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Hormone Antagonist, Chemo May Reduce Breast Tumors

Combination cuts tumor volume by over 97 percent in laboratory animals

TUESDAY, Jan. 30 (HealthDay News) -- A combination of treatments including chemotherapy and an inhibitor of the growth hormone-releasing hormone (GHRH) may be effective in reducing or eliminating breast tumors, according to the results of a study in animals published online Jan. 29 in the Proceedings of the National Academy of Sciences Early Edition.

Stefan Buchholz, of Tulane University School of Medicine in New Orleans, and colleagues tested the effectiveness of the GHRH antagonist JMR-132, either alone or in combination with docetaxel therapy, on the growth of human breast tumors in nude mice.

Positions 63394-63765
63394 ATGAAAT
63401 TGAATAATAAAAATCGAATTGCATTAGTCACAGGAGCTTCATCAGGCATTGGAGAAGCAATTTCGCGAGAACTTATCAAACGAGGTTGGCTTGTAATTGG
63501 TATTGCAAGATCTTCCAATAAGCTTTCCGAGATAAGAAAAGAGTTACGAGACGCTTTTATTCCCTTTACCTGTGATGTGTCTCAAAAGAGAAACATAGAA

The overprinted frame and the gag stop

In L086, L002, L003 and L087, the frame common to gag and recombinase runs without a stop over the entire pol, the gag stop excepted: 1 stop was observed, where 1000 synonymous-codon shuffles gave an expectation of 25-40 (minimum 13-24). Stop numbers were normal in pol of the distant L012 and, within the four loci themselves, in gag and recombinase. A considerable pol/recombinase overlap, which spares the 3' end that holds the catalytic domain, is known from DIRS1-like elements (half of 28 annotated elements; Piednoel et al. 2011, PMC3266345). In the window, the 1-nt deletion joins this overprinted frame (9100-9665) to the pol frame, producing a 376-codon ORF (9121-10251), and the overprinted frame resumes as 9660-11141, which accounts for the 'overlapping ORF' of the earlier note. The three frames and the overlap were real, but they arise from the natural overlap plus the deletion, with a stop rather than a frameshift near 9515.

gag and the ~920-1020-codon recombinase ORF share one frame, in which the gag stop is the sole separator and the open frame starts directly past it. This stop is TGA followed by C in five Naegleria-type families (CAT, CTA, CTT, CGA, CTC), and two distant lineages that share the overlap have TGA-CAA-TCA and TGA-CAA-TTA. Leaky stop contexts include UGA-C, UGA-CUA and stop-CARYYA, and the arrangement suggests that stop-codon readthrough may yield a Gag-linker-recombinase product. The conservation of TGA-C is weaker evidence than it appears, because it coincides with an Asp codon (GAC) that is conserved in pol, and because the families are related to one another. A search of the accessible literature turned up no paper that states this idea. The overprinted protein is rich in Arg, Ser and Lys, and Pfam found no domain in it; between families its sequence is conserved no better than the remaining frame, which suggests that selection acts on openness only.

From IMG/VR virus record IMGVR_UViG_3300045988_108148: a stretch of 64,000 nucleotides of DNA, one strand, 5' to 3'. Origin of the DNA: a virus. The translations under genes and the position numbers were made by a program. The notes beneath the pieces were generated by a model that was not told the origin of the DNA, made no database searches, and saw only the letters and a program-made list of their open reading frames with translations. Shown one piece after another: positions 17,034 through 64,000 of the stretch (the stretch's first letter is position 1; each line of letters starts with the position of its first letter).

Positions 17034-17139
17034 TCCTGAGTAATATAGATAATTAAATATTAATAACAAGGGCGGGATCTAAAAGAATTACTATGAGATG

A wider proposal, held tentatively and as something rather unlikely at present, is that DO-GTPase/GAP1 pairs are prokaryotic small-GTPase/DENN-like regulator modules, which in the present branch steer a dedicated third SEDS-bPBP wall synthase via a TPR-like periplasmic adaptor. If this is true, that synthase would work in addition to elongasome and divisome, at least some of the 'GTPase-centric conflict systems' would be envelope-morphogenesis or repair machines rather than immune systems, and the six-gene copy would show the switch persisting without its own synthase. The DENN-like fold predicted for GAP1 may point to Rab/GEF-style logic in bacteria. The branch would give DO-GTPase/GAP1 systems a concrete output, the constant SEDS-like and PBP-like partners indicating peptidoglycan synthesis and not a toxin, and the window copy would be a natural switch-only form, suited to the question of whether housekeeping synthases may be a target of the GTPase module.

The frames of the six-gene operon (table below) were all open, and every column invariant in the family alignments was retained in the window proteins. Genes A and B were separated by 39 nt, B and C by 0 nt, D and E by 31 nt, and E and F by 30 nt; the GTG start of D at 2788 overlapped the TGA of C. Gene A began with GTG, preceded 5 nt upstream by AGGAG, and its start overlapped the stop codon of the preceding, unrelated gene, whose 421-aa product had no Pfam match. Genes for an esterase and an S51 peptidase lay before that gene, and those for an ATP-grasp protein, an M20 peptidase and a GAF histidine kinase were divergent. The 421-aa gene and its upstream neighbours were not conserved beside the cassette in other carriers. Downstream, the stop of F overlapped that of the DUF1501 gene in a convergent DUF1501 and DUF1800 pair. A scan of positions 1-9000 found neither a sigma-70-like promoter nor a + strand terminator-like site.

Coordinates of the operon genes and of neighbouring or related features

While 10 micrograms of JMR-132 per day for three weeks reduced tumor volume by 63 percent, this dose in combination with docetaxel further reduced tumor volume by greater than 97 percent. No toxicity or other major side effects from the treatment were noted.

"Our results demonstrate that GHRH antagonists might provide a therapy for breast cancer and could be combined with docetaxel chemotherapy to enhance the efficacy of treatment," the authors conclude.

Two of the study authors are co-inventors on a patent application for JMR-132 submitted by Tulane University.

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